Well, yesterday was the only the third day of May and I ran into a glitch in my challenge. Already, in the first few days! But if I have learned one thing about having horses over the years, it is to expect the unexpected, and be prepared when it happens.

Frisby’s Turn

Case in point, Frisby. I went out to feed the horses in the morning, and Frisby was not seeming like himself. He didn’t go to his mush ( he now gets mush like Plezant) and he didn’t seem quite like himself. Then he did the tell tale looking at his sides, and I was thinking oh crap!

A Glitch in My Challenge

So I put him out in his pasture, and watched him for a few minutes before calling the vet. But with my history of colic, I really wanted to call the vet now, but I waited to see how he was acting. And after a few more minutes of him just standing there, I could feel my anxiety building so I called the vet.

Now in the old world, my vet would call me back almost as soon as I hung up with the answering service. But this time, it was about half an hour. And in that time, I did what I should have done before calling the vet, I listened to his gut with my stethoscope, I coaxed him to drink a little bit.

All Lines are Busy, Please Hold

And when my vet called, she let me know she had 2 emergencies she needed to get to first and one would take a couple of hours. So She would not be able to come out to Frisby. And she gave me phone numbers for other vets. That has never happened before.

I called 3 other vets, and they all told me they couldn’t come out. Because they too had other emergencies they had to get too. I have never had that happen. I guess it’s because of COVID? Whatever the case, no vet was coming to help my horse.

When There Is No Vet

Besides feeling helpless, I realized how much I depend on my vet to save the day for me. And she wasn’t coming. And whether it was wrong or right, I was worried about Frisby getting dehydrated. I took his beet pulp, and pellets mush and added about another gallon of water to it. It was more like a soup. And I kept it outside of his pasture, out of reach.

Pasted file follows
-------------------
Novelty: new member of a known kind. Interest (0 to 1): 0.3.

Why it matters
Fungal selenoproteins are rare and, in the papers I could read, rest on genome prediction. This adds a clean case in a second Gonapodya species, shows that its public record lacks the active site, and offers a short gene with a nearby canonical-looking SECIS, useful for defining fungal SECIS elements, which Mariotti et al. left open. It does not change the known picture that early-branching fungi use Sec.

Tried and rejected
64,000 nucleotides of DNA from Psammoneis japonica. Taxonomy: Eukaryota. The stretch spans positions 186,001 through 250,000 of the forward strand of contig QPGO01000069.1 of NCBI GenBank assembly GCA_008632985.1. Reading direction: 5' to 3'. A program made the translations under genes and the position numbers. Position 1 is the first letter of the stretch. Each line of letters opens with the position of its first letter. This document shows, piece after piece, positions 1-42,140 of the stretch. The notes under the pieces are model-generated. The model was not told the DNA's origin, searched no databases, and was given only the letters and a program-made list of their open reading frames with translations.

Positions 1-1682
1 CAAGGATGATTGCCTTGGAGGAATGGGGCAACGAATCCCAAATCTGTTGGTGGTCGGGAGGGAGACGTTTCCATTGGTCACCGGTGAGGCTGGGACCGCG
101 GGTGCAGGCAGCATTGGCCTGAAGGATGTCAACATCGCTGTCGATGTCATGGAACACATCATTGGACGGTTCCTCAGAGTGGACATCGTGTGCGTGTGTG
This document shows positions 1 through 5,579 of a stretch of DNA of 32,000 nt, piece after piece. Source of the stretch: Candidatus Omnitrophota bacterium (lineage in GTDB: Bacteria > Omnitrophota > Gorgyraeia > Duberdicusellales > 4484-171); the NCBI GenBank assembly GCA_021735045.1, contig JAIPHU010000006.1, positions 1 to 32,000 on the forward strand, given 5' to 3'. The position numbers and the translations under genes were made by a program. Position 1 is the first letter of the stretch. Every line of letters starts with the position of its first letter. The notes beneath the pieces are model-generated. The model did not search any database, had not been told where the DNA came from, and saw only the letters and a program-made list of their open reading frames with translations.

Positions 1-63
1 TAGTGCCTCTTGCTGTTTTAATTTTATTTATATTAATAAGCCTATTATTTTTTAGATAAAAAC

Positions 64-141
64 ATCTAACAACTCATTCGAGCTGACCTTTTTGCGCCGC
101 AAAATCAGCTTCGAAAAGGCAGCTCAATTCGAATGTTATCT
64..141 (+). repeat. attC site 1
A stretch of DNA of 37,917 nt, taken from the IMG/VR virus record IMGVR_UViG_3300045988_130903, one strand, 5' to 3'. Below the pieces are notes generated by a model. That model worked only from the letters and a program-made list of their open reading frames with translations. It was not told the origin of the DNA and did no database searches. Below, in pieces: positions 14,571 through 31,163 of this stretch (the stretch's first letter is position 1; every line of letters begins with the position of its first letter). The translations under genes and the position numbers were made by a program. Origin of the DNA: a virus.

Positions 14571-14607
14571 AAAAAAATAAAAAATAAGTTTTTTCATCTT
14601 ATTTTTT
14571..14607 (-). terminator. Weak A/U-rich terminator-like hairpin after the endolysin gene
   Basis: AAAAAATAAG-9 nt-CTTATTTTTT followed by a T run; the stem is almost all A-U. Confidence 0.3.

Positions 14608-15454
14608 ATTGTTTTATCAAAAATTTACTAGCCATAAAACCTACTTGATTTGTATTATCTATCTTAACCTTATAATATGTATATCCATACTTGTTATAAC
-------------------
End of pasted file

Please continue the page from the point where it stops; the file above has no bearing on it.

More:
equine first aid kit

I had listened to his gut, and he did have some gut sounds, but they were quiet. And he was being quiet, he wasn’t thrashing about. And after about 15 minutes, he started walking around, looking for food. This seemed encouraging.

So I waited a bit, and then I scooted his ‘soup’ under the fence, and he cam up to it and started to drink. This was VERY good. I waited and watched as he drank some of it, and then some more. And when he had drunk it down to more of a solid substance, I added more water.

I felt more comfortable with his actions, so after adding another gallon of water into his mush, I went to fill hay nets and leave him alone for a bit. Even though he couldn’t really see me, I was watching him to see what he did while I was away from him. I mean, no vet was coming. So I was on my own to figure this out.

An Hour Later

After about an hour of secretly watching him slurp his mush, and wander around the arena looking for grass, I decided to pull some fresh grass for him to eat. And when I made my way back to him, he seemed more interested, his eye seemed a little brighter, and he took the grass from me with his usual gusto.